US employers add 113K jobs; rate dips to 6.6 pct.

Published on NewsOK Modified: February 7, 2014 at 12:26 pm •  Published: February 7, 2014
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WASHINGTON (AP) — A surprisingly weak jobs report for a second straight month has renewed concern that the U.S. economy might be slowing after a strong finish last year.

Employers added 113,000 jobs in January, far fewer than the average monthly gain of 194,000 last year. Job gains have averaged just 154,000 the past three months, down from 201,000 in the preceding three.

The sluggish job growth could undermine hopes that economic growth will accelerate this year. But economists also say they expect hiring to return to healthier levels in coming months. They note that solid job gains in January in areas like manufacturing and construction point to underlying strength.

The government said Friday that manufacturers, construction firms and mining and drilling companies added a strong 76,000 jobs combined.

"You rarely see expansions in these industries without the economy being in fairly healthy shape," said Gary Burtless, an economist at Brookings Institution.

And more people began looking for work in January, a sign that they were optimistic about finding jobs. Many of these people found work, thereby reducing the unemployment rate to 6.6 percent from 6.7 percent in December. That's the lowest rate since October 2008.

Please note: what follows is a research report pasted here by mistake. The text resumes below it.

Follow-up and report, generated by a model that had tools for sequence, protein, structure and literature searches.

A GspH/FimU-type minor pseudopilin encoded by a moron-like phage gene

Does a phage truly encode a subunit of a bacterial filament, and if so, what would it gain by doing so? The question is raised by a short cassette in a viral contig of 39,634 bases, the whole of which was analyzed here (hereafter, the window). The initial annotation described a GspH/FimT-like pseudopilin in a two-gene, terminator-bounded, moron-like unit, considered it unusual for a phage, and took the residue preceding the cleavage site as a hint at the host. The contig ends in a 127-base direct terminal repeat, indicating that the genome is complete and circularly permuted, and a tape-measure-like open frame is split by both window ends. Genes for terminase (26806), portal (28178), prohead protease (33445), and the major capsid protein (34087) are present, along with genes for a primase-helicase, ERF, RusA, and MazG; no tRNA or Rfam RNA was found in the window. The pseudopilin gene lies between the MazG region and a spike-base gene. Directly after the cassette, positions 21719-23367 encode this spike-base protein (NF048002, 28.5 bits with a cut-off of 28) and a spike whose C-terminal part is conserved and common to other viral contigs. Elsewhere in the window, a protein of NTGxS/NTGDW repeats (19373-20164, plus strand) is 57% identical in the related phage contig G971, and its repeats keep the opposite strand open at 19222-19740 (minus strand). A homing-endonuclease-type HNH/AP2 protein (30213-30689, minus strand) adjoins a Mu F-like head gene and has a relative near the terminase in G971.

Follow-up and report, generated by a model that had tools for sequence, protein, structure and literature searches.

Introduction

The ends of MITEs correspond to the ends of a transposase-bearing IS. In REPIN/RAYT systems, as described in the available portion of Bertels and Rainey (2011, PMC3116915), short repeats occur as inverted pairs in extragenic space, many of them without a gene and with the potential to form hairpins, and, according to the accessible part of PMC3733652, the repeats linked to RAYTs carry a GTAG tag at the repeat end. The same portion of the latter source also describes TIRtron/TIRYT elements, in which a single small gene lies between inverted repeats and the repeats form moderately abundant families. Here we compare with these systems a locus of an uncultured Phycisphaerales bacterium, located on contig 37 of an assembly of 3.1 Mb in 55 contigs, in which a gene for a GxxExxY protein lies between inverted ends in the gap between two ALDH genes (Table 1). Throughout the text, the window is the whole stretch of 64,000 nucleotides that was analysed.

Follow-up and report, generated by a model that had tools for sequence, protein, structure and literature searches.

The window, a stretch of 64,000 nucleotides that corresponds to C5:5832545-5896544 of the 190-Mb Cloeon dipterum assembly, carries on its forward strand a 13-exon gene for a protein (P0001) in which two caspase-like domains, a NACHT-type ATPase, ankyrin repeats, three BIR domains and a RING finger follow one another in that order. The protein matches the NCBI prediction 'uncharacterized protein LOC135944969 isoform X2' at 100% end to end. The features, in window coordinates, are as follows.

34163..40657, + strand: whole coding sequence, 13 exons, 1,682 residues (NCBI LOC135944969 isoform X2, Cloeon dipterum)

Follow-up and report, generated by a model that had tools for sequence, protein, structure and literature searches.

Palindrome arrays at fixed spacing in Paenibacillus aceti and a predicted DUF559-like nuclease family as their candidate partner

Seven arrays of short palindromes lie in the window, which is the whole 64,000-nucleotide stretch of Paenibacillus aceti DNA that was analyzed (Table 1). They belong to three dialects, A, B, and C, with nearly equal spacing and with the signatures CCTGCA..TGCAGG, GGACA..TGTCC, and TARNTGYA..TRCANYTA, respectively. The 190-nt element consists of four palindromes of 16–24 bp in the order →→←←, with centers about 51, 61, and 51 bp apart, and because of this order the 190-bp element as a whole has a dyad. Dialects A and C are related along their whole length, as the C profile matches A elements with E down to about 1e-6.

"The underlying trend in employment growth is still decidedly positive, despite the slowdown we experienced in December and January," Diane Swonk, chief economist at Mesirow Financial, wrote in a research note.

Investors seemed generally pleased by the figures. The Dow Jones industrial average rose 78 points early in the day, before paring its gains by late morning.

Cold weather likely held back hiring in December, economists said, but the impact faded in January. Construction firms, which sometimes stop work in bad weather, added 48,000 jobs last month.

Over the past month, signs of economic weakness in the United States and overseas have sent stock prices sinking. Upheaval in developing countries has further spooked investors.

The anxiety marks a reversal from just a few weeks ago, when most analysts were increasingly hopeful about the global economy. The U.S. economy grew at a sturdy 3.7 percent annual pace in the second half of last year. The Dow finished 2013 at a record high. Europe's economy was slowly emerging from a long recession. Japan was finally perking up after two decades of stagnation.